The way modern responsive designs work

To be more precise, a responsive layout allows you to display two distinct email samples for mobile and desktop users. Naturally, you’ll want to make duplicate templates. As a consequence of its ability to decrease mobile template size, it is the optimal option for the mobile-first strategy. Also, if you make a mobile-specific version of your email template, you won’t have to deal with issues like too-small text, too-large images, horizontal scrolling that takes forever, etc.

But there’s no need to create two separate email formats. You may simply establish two distinct looks and indicate which one will be utilized based on the width of the user’s display. This method is more common than the alternative of using a variety of already templates. As a consequence, you have a solution that adapts to different screen sizes without looking worse than standard email layouts.

In a responsive email template, the width is only one of several variables that may be set. You have the freedom to choose various element sizes for use in both desktop and mobile views. The functionality provides for a significant enhancement in the user experience. Specifying styles that may not be supported by various email clients is unnecessary. Simplicity is the foundation of every responsive design. In addition to defining styles for various widths and heights, you can also specify the layout to apply to various screen orientations.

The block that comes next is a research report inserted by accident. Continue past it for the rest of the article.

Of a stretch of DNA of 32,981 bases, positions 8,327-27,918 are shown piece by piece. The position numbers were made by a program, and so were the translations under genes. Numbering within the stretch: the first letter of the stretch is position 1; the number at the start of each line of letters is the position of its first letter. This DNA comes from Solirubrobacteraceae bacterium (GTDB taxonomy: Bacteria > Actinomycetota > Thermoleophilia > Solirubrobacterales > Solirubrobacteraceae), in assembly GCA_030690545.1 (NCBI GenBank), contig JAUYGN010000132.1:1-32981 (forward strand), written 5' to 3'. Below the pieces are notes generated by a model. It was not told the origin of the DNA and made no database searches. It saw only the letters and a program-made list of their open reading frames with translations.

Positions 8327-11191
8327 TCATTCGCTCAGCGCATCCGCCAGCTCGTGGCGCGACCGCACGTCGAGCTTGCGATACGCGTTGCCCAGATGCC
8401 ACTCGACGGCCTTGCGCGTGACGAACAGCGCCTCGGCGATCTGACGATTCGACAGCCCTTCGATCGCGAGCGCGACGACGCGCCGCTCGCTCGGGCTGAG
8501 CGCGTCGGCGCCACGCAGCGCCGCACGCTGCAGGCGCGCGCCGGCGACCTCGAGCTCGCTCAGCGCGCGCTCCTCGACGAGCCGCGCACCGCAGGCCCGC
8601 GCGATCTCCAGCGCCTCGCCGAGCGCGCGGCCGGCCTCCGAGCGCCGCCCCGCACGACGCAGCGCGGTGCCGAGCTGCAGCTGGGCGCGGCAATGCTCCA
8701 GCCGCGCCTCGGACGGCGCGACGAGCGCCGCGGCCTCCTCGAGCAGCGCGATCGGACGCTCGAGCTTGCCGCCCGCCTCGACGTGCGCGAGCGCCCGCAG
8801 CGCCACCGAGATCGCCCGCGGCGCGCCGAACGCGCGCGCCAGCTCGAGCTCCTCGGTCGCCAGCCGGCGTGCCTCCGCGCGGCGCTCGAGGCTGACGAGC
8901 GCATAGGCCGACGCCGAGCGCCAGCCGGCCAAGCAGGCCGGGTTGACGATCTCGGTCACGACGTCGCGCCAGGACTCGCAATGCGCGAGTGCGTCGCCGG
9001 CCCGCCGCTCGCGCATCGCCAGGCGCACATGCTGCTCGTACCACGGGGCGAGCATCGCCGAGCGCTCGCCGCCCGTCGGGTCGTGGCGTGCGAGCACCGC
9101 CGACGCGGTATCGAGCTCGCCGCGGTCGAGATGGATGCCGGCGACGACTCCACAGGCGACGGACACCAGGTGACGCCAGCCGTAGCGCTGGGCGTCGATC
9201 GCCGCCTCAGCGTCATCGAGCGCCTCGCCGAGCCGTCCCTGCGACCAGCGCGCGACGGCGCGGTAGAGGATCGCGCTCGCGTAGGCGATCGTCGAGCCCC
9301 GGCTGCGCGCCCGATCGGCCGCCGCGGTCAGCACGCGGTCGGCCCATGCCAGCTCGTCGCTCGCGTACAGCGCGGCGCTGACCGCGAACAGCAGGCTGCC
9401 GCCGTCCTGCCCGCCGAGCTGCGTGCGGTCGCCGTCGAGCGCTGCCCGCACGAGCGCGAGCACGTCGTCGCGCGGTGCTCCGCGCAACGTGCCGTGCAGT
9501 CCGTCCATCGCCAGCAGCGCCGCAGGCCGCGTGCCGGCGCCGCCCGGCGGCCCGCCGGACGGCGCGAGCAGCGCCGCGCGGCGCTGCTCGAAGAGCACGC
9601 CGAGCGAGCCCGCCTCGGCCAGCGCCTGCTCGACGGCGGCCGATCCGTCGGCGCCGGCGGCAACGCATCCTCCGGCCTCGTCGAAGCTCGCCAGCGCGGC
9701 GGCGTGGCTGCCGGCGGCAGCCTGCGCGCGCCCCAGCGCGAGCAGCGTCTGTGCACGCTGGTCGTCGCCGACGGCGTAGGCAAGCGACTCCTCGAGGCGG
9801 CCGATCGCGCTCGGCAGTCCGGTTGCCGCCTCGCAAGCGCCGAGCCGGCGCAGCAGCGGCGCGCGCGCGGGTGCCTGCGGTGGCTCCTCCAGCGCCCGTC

E-Mail Inspection Tools

The email testing phase is an integral part of the responsive email design process. You may do this with the help of services like Litmus and Email on Acid… If you want to use one of these programmes to edit your HTML email, all you have to do is copy the code from your email and put it in.

Across other words, you can quickly and easily preview your emails in 70+ email clients and devices with just one click using our built-in email testing tool. If you take the time to test your emails, you can rest easy knowing that they will appear precisely as you intended in your recipients’ Inboxes.

Recommended reading on the topic of adaptive email layout:

Email Design Review is an informative website all about the best responsive design practises, complete with examples.

The lessons presented at Litmus’ 2014 Email Design Conference will help you brush up on your understanding of responsive email design and push you to learn more.

The eBook on Email Design from Smashing Magazine is a great resource, full of fascinating studies and enticing methods.

Jason Rodriguez, one of the greatest professional email designers on Litmus, wrote a book titled Modern HTML Email.

In Conclusion

I’m hoping the ideas presented here will motivate you to come up with the most elegant responsive email solution ever.

However, you won’t be able to modify or optimize the code when using an email editor that generates responsive email templates. In order to optimize email code, a super rule that reads “Don’t touch that works” may not be the ideal solution.

Sometimes you can’t even see this code, so you have to blindly trust that your email will be responsive even if you have no clue which method is being utilized. It’s a common misconception that “responsive” means everything is optimized for mobile use.

That’s why it’s important to use only a trustworthy email editor that lets you import, modify, and export all HTML messages without hiding any code from you.